Ginni Thomas’ call to Anita Hill has, not surprisingly, provoked columns and blogging speculating what motivated the call, some wanting to relive those hearings of 20 years ago.
But how about considering the simplest and most straightforward scenario?
Mrs. Thomas knows that her husband, Supreme Court Justice Clarence Thomas, was slandered, that his name and reputation remain tarnished as a result of the sleaziest kinds of lies and character assassination delivered by Anita Hill. She knows, better than anyone other than Clarence Thomas himself, the pain her husband endures as a result of these lies.
The alleged point of those Senate hearings was to examine a man’s qualifications and confirm his nomination as an associate justice of the U.S. Supreme Court.
Justice Thomas’ performance on the Court over these 20 years has been exemplary. One might not agree with his conservative views, but his scholarship, professionalism and original contributions are well-established.
So is it inconceivable that Ginni Thomas might consider reaching out to Anita Hill to consider, after all this time, extinguishing, as only she can, the sordid cloud of innuendo she created?
But it’s more than just how Clarence Thomas feels.
The “high-tech lynching,” as Thomas described it, was not about destroying one man, but destroying what that man stands for.
Would anyone believe for a microsecond that Anita Hill would have showed up in Washington if Clarence Thomas were a liberal?
This was not about a man’s qualifications for the Supreme Court but the threat of conservatism and the emergence of a black conservative icon that black Americans could look to and learn from.
When runaway slaves were captured and dragged back to the plantation, they were whipped in view of all, until no skin was left, so the lesson would be clear about what happens to renegades.
The civil-rights movement, which was about human freedom, morphed, after passage of the Civil Rights Act, into a left-wing political movement. Freedom, once the prize, became the threat. It became all about politics and power.
Organizations like the NAACP, once about protecting life, liberty and property of Americans of color, became about advancing a left-wing political regime.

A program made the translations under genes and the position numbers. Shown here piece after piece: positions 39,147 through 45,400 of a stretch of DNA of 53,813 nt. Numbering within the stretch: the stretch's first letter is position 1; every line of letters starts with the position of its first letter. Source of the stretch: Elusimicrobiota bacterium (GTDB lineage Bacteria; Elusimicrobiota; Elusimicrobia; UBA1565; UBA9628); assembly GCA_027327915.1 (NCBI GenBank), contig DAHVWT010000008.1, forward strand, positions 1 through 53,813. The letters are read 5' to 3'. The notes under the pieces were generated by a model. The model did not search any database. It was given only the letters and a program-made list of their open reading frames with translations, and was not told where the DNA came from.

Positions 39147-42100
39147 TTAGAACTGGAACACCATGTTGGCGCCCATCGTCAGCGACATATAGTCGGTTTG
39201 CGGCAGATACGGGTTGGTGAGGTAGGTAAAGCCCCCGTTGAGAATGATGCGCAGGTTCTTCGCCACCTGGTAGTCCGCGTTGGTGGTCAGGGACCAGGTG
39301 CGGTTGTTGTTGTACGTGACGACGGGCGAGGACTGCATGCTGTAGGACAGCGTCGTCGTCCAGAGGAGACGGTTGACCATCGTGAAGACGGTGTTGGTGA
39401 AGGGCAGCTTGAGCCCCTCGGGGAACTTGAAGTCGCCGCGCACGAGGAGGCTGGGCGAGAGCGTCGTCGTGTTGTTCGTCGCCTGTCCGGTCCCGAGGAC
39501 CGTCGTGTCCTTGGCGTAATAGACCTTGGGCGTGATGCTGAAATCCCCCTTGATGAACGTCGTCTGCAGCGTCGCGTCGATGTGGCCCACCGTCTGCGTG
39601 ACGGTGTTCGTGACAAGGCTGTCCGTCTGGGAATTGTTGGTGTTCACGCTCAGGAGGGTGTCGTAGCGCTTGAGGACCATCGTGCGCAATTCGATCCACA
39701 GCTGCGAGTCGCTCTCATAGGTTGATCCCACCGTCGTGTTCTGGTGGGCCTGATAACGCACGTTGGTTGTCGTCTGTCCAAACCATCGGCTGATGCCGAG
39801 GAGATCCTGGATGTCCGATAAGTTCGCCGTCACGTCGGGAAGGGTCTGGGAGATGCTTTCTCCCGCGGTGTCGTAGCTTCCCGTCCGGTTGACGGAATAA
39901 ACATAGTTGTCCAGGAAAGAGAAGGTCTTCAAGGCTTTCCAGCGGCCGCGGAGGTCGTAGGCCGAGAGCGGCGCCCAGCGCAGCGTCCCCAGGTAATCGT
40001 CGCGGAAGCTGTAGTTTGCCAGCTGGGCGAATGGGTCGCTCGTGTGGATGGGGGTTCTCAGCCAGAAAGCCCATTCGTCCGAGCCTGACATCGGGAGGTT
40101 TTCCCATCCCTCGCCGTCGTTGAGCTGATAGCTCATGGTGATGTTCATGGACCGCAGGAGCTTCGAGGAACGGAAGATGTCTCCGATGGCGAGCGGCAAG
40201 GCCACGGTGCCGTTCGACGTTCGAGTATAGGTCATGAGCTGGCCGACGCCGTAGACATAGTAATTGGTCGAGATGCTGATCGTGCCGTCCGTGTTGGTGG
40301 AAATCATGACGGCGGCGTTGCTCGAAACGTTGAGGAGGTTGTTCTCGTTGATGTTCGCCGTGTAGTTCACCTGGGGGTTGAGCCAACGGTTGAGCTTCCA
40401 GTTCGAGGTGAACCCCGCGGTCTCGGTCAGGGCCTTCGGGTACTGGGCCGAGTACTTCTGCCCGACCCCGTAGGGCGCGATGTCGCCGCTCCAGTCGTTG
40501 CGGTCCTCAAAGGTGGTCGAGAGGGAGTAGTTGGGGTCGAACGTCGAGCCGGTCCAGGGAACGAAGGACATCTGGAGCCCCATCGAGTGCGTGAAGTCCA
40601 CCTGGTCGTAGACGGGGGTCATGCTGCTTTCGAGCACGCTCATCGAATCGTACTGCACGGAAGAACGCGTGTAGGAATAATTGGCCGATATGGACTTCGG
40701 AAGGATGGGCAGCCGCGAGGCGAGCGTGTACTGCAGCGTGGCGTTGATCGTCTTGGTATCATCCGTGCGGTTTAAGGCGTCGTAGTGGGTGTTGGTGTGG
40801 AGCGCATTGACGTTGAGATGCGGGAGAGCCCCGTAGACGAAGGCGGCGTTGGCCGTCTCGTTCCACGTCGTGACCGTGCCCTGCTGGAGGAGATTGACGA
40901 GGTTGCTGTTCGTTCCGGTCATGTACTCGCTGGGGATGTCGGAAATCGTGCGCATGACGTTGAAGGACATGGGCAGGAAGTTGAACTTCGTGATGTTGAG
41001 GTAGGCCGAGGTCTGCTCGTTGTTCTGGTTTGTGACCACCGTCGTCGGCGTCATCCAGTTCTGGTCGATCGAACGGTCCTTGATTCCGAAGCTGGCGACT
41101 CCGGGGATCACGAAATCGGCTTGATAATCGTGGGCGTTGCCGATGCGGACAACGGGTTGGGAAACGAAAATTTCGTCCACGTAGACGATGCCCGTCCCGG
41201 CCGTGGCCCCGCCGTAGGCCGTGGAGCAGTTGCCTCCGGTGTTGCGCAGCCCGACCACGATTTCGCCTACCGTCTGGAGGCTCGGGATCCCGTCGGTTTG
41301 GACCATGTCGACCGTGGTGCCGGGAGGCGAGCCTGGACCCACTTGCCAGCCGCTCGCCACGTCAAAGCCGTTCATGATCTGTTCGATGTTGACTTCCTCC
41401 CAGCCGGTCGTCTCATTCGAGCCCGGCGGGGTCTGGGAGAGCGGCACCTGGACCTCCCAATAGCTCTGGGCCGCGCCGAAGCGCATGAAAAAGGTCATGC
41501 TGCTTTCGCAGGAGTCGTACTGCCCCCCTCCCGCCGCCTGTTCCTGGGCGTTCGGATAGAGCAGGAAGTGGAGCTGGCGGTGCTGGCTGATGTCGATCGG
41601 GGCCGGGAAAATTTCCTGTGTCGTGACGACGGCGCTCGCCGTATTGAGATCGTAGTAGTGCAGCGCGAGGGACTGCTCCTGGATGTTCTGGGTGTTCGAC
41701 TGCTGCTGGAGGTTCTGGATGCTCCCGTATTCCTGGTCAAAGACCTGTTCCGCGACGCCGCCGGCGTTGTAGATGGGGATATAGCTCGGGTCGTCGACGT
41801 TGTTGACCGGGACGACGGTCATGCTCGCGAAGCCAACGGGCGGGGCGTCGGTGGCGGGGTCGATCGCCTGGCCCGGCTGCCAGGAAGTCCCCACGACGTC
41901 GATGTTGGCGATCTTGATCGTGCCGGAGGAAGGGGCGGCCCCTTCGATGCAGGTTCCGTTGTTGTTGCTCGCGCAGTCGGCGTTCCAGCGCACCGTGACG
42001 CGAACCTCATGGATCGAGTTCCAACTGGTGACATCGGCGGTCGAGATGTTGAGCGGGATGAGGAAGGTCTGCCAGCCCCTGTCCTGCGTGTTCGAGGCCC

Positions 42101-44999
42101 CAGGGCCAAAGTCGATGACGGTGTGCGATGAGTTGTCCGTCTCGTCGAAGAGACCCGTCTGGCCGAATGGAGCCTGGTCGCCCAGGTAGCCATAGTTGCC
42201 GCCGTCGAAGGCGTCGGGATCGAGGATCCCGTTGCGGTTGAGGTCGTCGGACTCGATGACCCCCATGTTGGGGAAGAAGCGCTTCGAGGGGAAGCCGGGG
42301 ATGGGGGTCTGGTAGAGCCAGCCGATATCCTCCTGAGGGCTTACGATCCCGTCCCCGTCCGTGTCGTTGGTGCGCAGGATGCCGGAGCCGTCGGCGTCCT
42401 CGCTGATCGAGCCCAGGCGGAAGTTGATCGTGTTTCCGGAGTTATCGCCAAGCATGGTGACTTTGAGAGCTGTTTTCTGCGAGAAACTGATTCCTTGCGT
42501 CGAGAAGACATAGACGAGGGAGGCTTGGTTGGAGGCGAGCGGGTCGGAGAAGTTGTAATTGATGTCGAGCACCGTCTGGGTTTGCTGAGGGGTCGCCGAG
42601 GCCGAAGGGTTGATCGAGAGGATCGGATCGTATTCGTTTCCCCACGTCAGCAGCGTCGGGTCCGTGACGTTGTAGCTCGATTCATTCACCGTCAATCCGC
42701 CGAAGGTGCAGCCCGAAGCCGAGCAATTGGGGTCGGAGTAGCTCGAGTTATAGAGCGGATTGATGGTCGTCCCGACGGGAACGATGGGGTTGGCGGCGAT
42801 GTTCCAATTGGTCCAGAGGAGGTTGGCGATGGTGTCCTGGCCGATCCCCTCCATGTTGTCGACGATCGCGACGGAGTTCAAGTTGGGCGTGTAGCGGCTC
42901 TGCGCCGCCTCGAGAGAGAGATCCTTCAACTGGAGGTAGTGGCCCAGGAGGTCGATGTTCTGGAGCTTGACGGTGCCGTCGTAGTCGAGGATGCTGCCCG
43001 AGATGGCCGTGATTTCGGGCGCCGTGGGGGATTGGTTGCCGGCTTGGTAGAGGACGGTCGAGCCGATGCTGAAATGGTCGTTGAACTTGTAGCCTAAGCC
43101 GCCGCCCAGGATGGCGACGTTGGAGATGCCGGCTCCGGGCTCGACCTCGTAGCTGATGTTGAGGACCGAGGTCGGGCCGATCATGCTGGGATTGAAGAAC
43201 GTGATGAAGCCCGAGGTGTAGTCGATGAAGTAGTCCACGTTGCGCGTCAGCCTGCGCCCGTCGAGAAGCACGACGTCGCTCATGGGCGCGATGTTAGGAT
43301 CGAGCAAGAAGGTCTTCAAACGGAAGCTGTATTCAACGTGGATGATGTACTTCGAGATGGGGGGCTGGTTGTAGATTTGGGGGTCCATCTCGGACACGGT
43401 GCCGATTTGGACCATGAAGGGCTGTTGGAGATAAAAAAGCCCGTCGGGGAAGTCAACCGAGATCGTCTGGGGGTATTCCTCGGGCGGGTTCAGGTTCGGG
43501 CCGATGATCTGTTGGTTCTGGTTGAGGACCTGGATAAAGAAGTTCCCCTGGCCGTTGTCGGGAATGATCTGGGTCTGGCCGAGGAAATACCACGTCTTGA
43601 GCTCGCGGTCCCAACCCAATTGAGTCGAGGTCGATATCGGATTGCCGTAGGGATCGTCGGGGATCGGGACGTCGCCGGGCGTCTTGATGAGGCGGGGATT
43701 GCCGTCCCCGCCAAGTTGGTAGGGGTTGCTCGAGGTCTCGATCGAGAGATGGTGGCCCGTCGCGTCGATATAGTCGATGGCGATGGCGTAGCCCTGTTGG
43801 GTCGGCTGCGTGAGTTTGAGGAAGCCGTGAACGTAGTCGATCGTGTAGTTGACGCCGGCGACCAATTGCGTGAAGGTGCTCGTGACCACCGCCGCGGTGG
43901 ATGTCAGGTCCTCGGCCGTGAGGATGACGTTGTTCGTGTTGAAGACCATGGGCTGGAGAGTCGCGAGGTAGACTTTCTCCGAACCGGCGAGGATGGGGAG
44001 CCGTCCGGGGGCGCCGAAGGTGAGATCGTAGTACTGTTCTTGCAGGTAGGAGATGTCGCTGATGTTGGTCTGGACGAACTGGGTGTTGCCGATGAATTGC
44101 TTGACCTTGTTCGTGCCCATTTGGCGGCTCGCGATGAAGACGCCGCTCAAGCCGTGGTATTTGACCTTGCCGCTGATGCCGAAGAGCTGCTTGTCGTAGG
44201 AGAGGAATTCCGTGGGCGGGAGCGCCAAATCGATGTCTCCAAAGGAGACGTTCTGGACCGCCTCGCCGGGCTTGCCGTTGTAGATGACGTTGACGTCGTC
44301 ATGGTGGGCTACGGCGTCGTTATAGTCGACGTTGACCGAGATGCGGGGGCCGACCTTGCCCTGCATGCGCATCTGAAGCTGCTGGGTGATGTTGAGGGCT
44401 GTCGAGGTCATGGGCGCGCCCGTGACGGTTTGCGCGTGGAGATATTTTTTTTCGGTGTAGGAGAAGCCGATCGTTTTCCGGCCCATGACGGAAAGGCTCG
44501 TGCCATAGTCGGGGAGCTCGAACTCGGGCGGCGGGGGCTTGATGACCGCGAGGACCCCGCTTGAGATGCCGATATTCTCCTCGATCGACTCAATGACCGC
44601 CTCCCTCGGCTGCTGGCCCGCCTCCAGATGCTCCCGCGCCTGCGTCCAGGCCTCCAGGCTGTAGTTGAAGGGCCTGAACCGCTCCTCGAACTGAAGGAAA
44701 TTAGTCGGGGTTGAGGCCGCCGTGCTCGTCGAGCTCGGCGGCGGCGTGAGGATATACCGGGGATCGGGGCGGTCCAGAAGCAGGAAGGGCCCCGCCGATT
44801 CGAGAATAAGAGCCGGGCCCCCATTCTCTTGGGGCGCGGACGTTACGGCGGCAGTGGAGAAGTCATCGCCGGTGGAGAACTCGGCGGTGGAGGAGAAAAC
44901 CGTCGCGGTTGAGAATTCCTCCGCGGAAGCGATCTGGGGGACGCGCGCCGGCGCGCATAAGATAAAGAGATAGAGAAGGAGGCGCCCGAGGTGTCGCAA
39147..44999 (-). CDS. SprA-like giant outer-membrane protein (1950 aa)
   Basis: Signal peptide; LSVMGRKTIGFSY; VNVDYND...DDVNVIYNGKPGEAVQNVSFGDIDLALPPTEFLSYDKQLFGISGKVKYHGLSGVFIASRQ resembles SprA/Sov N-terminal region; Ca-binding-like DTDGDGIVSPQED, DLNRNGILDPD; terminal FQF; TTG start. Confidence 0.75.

As Clarence Thomas writes in his autobiography, “My Grandfather’s Son,” “Hypersensitive civil-rights leaders who saw racism around every corner fell silent when my liberal enemies sneered that I was unqualified to sit on the Court.”
It’s now business as usual that black conservatives are nonpersons to traditional black civil-rights organizations.
When the city of Oakland passed an ordinance aimed specifically to prevent a black pastor, Walter Hoye, from distributing pro-life literature outside an abortion clinic preying on black women, no civil-rights organizations showed up.
When Crystal Dixon, a black Christian woman, was fired from her job at the University of Toledo for writing an op-ed in a local paper arguing that the homosexual-rights movement is different from the black civil-rights movement, no civil-rights organizations showed up.
Justice Thomas writes that during his ordeal he received a call from Jehan Sadat, widow of the late Egyptian President Anwar Sadat. She offered words of encouragement, saying, “… They are laughing at the United States around the world. … Women around the world are suffering real oppression.”
There is particular irony here. Anwar Sadat was a leader who chose to think for himself. He decided to look truth in the eye and courageously step forward in the name of freedom and peace and reach out to Israel. For this he was assassinated.
Human liberty is about courage, dignity, eternal truths and personal responsibility.
It’s why those wedded to a world defined by politics and uniformity feel so deeply threatened by men like Clarence Thomas and Anwar Sadat.
So it’s not so amazing that a woman like Ginni Thomas would reach out to Anita Hill. And it is not so amazing why a woman like Anita Hill would find this bizarre.